Federal Election Commission v. Akins

Federal Election Commission V. Akins

Federal Election Commission v. Akins

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Federal Election Commission v. Akins, 524 U.S. 11 (1998), was a United States Supreme Court case deciding that an individual could sue for a violation of a federal law pursuant to a statute enacted by the U.S. Congress which created a general right to access certain information.


The plaintiffs were registered voters who had asked the defendant Federal Elections Commission ("FEC") to determine that an organization called the American Israel Public Affairs Committee ("AIPAC") was a "political committee" subject to certain regulations and reporting requirements under the Federal Election Campaign Act, because AIPAC had crossed certain spending thresholds. The FEC determined that AIPAC had indeed crossed those thresholds, but still did not require it to make the required reports because the organization was issue-oriented, not campaign-related. The plaintiffs sought review in the District Court, which granted summary judgment for the FEC; this ruling was affirmed by a panel of the Court of Appeals, but the Court of Appeals en banc reversed. The government sought certiorari, and challenged the plaintiff's standing on the grounds that the plaintiffs had suffered no 'injury in fact'; that if the plaintiffs had any injury it was not fairly traceable to the FEC decision; and that a decision in favor of the plaintiffs would not redress their injury.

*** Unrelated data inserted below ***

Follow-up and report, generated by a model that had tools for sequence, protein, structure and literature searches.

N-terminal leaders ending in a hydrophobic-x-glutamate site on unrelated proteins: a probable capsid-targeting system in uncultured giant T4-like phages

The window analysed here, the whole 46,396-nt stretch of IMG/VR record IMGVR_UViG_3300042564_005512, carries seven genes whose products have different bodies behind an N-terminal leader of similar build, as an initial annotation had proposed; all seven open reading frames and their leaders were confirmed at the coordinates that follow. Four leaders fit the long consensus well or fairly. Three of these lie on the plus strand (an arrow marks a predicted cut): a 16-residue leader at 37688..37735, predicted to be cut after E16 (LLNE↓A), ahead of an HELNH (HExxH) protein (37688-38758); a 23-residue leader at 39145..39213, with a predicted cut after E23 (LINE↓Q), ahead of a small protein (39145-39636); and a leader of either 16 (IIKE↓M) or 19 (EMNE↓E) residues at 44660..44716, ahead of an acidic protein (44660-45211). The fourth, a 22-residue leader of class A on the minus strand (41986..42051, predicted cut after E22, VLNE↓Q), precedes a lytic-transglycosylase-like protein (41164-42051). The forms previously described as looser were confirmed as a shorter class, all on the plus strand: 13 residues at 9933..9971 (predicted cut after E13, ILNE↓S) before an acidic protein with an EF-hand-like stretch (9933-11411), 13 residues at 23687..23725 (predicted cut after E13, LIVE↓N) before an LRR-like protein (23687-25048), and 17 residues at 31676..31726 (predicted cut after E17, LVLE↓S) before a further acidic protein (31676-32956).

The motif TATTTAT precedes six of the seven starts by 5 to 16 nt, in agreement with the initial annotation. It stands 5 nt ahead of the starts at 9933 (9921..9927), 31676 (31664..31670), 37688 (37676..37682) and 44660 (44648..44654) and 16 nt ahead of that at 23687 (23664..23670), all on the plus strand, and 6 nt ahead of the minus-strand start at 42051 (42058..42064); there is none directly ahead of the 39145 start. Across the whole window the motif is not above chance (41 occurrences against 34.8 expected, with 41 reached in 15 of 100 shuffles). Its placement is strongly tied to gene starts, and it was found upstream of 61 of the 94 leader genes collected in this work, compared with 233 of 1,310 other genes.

Did the plaintiffs suffer an injury in fact sufficient to establish standing?

Opinion of......

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